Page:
Implementing QPI Using the Transceiver Native PHY IP Core in Stratix V Devices
This application note describes how to implement the Intel® QuickPath Interconnect (QPI) protocol with Altera®
transceivers in the Stratix® V devices. Designers can create the
QPI interface design using FPGA logic to interface with the transceiver configurations
described in this document.
Stratix V Native PHY IP cores provide an easy and efficient method to
implement the QPI protocol.
The QPI is a point-to-point connection protocol developed by Intel to
replace the front-side-bus (FSB). It was designed to transfer data between the
processors and IO hubs. Compared to a parallel bus, the QPI can achieve higher
QPI is a serial bus technology similar to other point-to-point interconnects.
All channels work at the differential IO standard. The physical data rates for QPI can
be 4.8, 6.4, or 8 Gbps. The channel links can be defined as full-width for 20 channels,
and half-width for 10 channels.
QPI has the following special features, which may differ from other
serial interface protocols:
The transmitter (TX) and receiver (RX) use DC coupling mode. Per the QPI spec,
the connected transceiver pair are DC-coupled.
Stratix V devices have been characterized to be fully compatible with DC
mode for QPI interfaces. From the transmitter, the output common mode DC
voltage can vary between 0.23 to 0.27 V.
Figure 1. DC Mode
Bonded TX Channels
All the TX channels must be configured in bonded mode to reduce the
channel-to-channel skew. For example, full-width link design will bond all 20
TX channels together.
Stratix V devices can support TX channel bonding for QPI with PLL feedback
To bond all channels using the PLL feedback compensation path, the input
reference clock frequency used by the TX PLL must be the same as the parallel clock that
clocks the PCS of the same channel. For example, the reference clock is 250 MHz for an 8
Gbps data rate and 200 MHz for 6.4 Gbps.
Figure 2. Bonded Channels
QPI Link Detection
The Intel QPI physical layer uses a TX based detect scheme. Each TX lane
contains a link detect circuit on each TXP and TXN.
During QPI link detecting, the transmitter driver will be tri-stated to
Stratix V devices support the PCIe RX detector and QPI link detector in
the transmitter buffer. An assignment setting is used to select QPI mode or
PCIe mode. When enabling QPI link detection, the QPI link detector will assert
rx_found if a remote RX exists with a 42.5Ω termination.
Figure 3. Link Detection
Using the Native PHY IP Core for QPI
Use the Native PHY IP core to implement QPI for a low latency requirement.
The Native PHY IP core provides direct access to the PMA from the FPGA fabric in
PMA Direct mode. Consequently, the latency for transmitted and received data is very
Use the following steps to implement QPI with the necessary options
and settings, using the Native PHY IP core:
Configure the Native PHY IP core
After the Stratix V Transceiver Native PHY IP core opens in
the MegaWizard™ Plug-In Manager, the General tab and block diagram appear. The General tab contains the general settings for the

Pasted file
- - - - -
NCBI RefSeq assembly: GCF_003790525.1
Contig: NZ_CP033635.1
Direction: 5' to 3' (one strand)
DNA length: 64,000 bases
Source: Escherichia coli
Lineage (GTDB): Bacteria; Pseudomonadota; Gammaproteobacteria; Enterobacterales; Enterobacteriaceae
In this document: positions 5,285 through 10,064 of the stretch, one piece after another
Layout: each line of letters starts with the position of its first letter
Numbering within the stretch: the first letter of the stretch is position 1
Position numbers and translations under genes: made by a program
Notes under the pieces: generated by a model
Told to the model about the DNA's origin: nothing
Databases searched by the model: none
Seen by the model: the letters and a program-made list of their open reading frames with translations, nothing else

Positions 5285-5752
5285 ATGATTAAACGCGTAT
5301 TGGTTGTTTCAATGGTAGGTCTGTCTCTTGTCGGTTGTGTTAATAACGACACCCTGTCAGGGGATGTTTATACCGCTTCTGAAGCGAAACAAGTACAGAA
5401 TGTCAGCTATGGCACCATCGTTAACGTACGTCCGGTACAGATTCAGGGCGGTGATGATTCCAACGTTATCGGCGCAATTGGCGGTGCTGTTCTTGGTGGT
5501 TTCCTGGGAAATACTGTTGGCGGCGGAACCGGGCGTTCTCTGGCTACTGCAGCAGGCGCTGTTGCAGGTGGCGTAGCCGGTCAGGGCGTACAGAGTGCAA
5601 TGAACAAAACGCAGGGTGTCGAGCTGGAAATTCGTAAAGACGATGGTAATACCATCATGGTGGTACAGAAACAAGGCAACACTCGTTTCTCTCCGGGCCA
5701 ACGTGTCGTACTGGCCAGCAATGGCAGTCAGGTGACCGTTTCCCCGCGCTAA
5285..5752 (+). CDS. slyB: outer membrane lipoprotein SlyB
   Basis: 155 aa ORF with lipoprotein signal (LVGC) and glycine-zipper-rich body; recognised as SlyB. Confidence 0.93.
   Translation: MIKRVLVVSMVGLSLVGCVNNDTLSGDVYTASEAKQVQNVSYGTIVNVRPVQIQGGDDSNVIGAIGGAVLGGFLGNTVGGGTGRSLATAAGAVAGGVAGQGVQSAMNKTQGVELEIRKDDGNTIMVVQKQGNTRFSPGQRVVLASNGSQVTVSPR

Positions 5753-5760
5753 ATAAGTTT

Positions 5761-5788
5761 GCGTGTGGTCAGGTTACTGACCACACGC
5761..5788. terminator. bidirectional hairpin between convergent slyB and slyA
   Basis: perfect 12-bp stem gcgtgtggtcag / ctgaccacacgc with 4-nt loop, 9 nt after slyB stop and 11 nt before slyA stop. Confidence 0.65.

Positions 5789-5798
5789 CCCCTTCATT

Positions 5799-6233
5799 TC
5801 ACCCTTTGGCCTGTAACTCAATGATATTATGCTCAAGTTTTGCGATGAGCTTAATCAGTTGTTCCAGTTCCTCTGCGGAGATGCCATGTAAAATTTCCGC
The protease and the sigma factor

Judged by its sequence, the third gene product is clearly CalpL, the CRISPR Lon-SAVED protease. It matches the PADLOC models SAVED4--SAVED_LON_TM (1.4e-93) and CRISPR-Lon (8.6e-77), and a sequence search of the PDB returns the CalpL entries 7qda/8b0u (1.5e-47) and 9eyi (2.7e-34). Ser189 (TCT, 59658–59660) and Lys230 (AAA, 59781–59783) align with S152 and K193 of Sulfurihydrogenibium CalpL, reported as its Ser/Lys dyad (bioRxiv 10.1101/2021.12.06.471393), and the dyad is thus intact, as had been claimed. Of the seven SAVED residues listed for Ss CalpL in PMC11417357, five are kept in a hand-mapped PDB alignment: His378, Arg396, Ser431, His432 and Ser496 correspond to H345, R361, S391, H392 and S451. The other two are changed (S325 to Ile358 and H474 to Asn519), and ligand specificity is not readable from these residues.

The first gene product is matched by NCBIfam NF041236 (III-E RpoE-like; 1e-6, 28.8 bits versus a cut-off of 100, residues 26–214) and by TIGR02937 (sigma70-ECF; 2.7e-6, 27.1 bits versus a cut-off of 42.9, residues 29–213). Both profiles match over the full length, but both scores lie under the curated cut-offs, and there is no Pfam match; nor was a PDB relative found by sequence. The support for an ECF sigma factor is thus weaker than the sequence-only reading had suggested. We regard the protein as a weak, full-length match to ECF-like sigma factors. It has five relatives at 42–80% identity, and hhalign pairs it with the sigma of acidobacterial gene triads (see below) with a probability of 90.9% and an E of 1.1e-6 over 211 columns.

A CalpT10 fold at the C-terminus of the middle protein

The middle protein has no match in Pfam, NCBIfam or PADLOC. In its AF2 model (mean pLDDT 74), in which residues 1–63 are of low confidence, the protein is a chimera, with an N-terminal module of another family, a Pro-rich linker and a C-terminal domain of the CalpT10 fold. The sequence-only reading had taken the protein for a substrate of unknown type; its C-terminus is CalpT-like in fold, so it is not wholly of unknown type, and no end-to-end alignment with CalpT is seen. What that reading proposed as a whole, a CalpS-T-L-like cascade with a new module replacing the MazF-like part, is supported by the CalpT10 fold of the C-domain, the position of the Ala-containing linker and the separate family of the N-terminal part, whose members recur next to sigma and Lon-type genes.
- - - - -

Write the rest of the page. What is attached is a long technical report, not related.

Native PHY IP core.
For example, design an 8 Gbps QPI
as a full-width link using the Datapath Options.
Select Enable TX datapath and Enable
Set the Number of data channels to 20.
Set the Bonding mode to fb_compensation.
In the PMA tab, input the Data
rate as 8000 Mbps.
In PMA Direct Options, set the PMA direct interface width to 32.
In the TX PLL 0 tab, select the PLL
type as ATX, and set the Reference clock frequency to 250.0 MHz.
In RX CDR Options, set the Selected CDR reference clock frequency to 250.0 MHz.
In PMA Optional Ports, enable the ports for the QPI
Click Finish in the MegaWizard Plug-In Manager.
Enable the QPI Setting for the
Open the <project_name>.qsf file and input the
Note: For more information about QSF settings, refer to the Quartus Settings File Reference
Link the Detection Design Flow
To enable RX link detection at
the transmitter side, the transmitter driver must be set as tri-state.
During the normal data transferring state, the transmitter driver must be
bit is used to control the transmitter buffer in tri-state. It can be
accessed through the Streamer mode 3 in the transceiver reconfiguration
Bit of rtx_pdb
must be set to 0 before the link detection function
is triggered. Writing a 1 to the rtx_pdb bit will set the transmitter buffer in
normal mode. The other bits at this address cannot be modified.
Use the procedure below to set the transmitter driver to tri-state
using Streamer mode 3.
To set the transmitter driver to tri-state:
Ensure that the transceiver reconfiguration controller is
correctly connected to the Native PHY IP core.
.MIF streamer module by selecting the
Enable channel/PLL reconfiguration option in the transceiver
Write the logical channel number to address
Write the MIF mode
0xC to address
0x25A to address
Write the Control and status register with a value of
0xE to address
0x3A to initiate a read.
With the data obtained from step 7, perform a RMW with the 15-bit
data pattern that selects the
Write the data pattern generated from step
8 to address
Write the Control and status register with a value of
0xD to address
0 to set the transmitter driver in tri-state,
tx_pma_rxfound will go high after asserting
tx_pma_qpipullup, if the RX link exists with a
42.5Ω termination, as shown in the following figure.